Oh, I agree, that's what all the advice says, and that does work, no doubt. But this really isn't my way, it's a combination, plus yielding to practicalities. What you are saying is the standard advice, and I know the cautions. When I average out, I'm doing ~1200 calories a day, which is fine. I do some mild exercise, but I'm not building yet. I keep records of my fasting weight and blood sugar. My blood sugar is fine.
Keep lookin here, sure some expat headed out doesn't want to carry one back to their home country.
We got our stationary bike at Toby's, 2nd floor robinsons, four years ago.
Weight: we are both within 25 pounds of our weight in college (in our 60's). Secret is simple; eat less, only twice a day, only one heavy meal. B'fast is cereal or eggs, 1/2 rice if tocino or tapas or bangus, pancakes, once a week. Some bagels or scones.
Carbo's; less than 4 times a week; rice, potatoes
Sugars; the WORST; Soda, once a week; IceCream, once a month, Cheesecake, twice a month, cookies, once a week.
Salt; careful, esp if you have heart problems. Chips, once a week, usually cheat at twice, especially since Blairs carries a UK handcooked brand.
Chicken, once or twice a week, meat, once a week, pizza, three a month, etc
EVERYTHING in moderation, walking / exercise daily.... got vaxx'd 4 months ago, will get booster when avail. Mask religiously.
Someone should have told me to get fat when in University (early 70's), so I could stay within 25 pounds of that now without all that effort lol.
are you sure about that?
maybe i'm wrong but keto falls into the low carb category, including the carnivore diet and hybrids of the two (ketovore, lion diet, etc) so most of the following links have examples of the benefits of a keto diet and or intermittent fasting.
here's an interview with Dr Berry, he's the person with the beard. (lol)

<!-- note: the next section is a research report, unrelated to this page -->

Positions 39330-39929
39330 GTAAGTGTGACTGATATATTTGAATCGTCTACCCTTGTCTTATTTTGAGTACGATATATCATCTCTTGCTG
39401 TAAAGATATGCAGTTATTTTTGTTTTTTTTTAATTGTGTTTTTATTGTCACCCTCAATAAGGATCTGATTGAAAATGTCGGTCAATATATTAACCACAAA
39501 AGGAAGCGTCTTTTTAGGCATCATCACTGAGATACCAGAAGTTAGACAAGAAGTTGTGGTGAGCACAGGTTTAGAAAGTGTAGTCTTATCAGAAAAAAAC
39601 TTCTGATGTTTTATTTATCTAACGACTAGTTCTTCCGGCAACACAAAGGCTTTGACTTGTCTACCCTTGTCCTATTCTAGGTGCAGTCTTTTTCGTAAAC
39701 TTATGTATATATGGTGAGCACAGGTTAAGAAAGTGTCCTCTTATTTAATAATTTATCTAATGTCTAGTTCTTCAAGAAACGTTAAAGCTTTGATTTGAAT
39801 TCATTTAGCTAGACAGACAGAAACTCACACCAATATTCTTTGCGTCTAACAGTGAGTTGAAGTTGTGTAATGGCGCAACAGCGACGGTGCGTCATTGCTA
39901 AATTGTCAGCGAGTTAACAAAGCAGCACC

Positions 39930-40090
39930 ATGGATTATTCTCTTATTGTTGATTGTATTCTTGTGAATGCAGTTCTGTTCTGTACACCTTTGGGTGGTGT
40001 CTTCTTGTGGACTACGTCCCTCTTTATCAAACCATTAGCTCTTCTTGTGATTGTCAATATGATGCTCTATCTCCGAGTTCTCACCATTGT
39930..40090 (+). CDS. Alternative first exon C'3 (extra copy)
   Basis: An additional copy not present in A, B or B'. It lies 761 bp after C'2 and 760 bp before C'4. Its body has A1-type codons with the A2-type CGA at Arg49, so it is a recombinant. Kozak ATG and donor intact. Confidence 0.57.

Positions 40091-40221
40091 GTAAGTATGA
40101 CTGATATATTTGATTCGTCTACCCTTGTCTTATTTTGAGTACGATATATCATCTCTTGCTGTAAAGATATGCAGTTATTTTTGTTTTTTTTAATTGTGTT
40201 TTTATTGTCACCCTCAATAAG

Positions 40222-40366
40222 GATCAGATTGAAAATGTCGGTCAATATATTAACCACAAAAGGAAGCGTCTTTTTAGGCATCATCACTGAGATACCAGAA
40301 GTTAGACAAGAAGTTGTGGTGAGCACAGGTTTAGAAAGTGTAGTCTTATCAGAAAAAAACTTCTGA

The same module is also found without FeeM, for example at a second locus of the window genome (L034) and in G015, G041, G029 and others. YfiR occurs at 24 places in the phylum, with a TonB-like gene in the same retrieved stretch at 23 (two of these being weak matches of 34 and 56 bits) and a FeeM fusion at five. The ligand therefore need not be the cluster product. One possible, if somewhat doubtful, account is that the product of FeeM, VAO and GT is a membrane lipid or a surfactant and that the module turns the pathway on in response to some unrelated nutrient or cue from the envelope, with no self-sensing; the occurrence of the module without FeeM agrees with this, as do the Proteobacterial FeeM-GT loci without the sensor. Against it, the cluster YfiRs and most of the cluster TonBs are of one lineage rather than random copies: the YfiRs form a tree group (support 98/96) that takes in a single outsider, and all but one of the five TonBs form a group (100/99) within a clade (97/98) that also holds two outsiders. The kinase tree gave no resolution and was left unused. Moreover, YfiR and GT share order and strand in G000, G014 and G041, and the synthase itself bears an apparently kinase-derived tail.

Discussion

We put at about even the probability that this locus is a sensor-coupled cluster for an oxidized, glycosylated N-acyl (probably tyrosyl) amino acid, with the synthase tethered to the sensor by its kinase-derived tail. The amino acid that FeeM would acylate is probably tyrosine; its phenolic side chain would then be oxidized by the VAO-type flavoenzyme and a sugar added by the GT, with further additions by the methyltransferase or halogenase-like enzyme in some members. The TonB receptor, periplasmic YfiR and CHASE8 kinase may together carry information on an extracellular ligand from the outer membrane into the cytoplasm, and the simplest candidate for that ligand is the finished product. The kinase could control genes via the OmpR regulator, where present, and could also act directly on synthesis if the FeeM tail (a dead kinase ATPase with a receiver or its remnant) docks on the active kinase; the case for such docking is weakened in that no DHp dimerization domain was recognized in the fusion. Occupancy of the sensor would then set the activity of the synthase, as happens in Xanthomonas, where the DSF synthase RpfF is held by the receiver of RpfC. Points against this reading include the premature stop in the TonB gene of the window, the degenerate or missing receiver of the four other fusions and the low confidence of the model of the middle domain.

Carnivore Success Stories
Dr. Cywes the #CarbAddictionDoc
do you spose Dr. Berry is a quack? he's the guy with the beard.
Low Carb Down Under
Nutrition with Judy
I'm not saying they don't work. I'm saying they don't work better than any other calorie restricted diet. I can lose just as much weight on chips and Twinkies as I could on keto or carnivore when calories are matched. What macro nutrients you choose to consume (or not consume) makes no difference, a calorie deficit is what causes weight loss.
Not saying that. He makes money selling a specific diet. For $14/month he will tell you how to not eat carbs. He is extremely biased. Almost every influencer/celebrity/doctor on the internet heavily promoting a certain diet is trying to sell you something. They don't make as much money by being honest and telling people that calorie restriction on any nutrition plan will result in the same weight loss in the long term.
People want short cuts and "hacks" to weight loss. The weight loss industry over the last half century has conditioned people to believe that cutting out certain foods or macros is the magic cure to obesity and health. It is not. Calorie restriction is. Which, btw, every single one of these diets, and every other diet that has ever existed, requires to lose weight. No diet breaks the laws of physics.
Just a personal opinion here; if a diet requires you pay a doctor for guidance it is probably not safe for the average person to attempt.